Companies are also not typically required to pay employees in temporary positions minimum wage or overtime.
What should gig workers do to prepare for tax season?
Gig workers should keep track of their income and expenses throughout the year, so they are prepared when tax season comes around. They may also want to set aside money each month to pay their taxes since they will be responsible for paying estimated taxes and Social Security taxes.
This is an important precaution to take throughout the fiscal year, so when tax season rolls around – you are prepared.
If you are a gig worker, it’s important to be aware of how your income is taxed. By understanding the basics of gig economy taxes, you can be sure you’re doing everything correctly come tax season. If you have any questions, be sure to speak with a tax professional.
The self-employment tax
You expected to pay taxes on your income appropriate for your tax rate, but did you anticipate paying another tax on top of that? If you’re filing your taxes as a sole proprietor – another term for someone who can be considered an independent contractor or small business owner – your taxable income and business income are indistinguishable from one another.
The self-employment income tax rate is 15.3 percent. This tax accounts for your contributions to Social Security and Medicare taxes that an employer would pay for his or her employees.
Tax withholding throughout the year
When you’re a traditional employee, your W-4 lets you tell your employer how much tax to withhold from your paychecks. Essentially, you’re paying your tax bill “as you go.” Tax refunds, then, are effectively checks for the money you paid in withholding in excess of your tax liability. When you withhold taxes and still owe more, your outstanding tax liability should be of a more manageable amount.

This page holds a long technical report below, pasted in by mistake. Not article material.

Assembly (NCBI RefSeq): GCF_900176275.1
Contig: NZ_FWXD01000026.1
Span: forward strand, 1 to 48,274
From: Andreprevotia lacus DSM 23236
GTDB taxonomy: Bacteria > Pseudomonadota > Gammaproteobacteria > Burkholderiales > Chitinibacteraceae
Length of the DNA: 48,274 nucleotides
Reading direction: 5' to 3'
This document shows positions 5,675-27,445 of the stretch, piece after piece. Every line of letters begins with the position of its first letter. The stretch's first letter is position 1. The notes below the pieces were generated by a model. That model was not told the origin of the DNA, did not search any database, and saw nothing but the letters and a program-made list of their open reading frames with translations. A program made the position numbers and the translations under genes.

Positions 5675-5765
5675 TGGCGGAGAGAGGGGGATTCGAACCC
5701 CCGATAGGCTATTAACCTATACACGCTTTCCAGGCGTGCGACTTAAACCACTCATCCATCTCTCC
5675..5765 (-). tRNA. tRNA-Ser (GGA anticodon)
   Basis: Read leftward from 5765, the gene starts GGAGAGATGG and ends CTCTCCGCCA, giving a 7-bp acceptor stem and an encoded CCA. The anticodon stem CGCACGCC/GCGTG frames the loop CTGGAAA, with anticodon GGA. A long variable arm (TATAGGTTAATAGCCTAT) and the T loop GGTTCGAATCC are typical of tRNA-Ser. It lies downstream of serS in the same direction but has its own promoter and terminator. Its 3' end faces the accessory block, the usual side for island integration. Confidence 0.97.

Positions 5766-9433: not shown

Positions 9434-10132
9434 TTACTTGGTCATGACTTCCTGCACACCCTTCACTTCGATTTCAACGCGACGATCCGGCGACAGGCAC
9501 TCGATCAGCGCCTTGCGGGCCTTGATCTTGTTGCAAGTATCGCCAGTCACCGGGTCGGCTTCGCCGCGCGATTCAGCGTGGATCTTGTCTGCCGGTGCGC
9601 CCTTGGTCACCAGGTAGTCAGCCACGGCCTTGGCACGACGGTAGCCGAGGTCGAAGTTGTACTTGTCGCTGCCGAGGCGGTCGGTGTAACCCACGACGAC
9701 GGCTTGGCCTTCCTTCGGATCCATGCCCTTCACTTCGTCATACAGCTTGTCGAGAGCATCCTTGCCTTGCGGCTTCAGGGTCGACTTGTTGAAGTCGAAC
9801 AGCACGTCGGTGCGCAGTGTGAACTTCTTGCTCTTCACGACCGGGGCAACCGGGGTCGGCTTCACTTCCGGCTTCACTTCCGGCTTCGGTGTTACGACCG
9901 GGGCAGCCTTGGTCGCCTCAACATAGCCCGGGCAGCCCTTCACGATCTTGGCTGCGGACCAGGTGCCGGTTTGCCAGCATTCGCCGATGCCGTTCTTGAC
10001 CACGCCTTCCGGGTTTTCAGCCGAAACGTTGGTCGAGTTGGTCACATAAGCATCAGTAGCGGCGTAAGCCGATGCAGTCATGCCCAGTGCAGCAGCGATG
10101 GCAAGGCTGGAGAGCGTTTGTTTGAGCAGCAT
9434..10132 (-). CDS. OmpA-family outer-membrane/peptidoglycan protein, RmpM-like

But you’re a gig worker, so you don’t have the option to withhold your taxes – right? Not quite. Self-employed workers should send tax payments to the IRS on a quarterly basis, which functions similar to tax withholding.
Failing to do so when you’re earning a regular income from self-employment might result in penalties and an overwhelming tax bill on Tax Day.
What deductions can a gig worker claim on their taxes?
Gig workers may be able to claim deductions for business expenses, such as the cost of a car or cell phone used for work. They may also be able to deduct home office expenses if they have a dedicated space for work.
Beware of writing off ‘business expenses’
A major audit trigger for the IRS is a list of business expenses that look oddly like personal expenses. If you’re a part of the gig workforce, expenses like your cell phone bill, car payments, gas bills, and more can seem like legitimate business purchases to you, but this isn’t always the case for the IRS. Why? Because they see it as co-mingling your personal and business expenses, or worse, trying to defraud the government by writing off personal expenses for the business.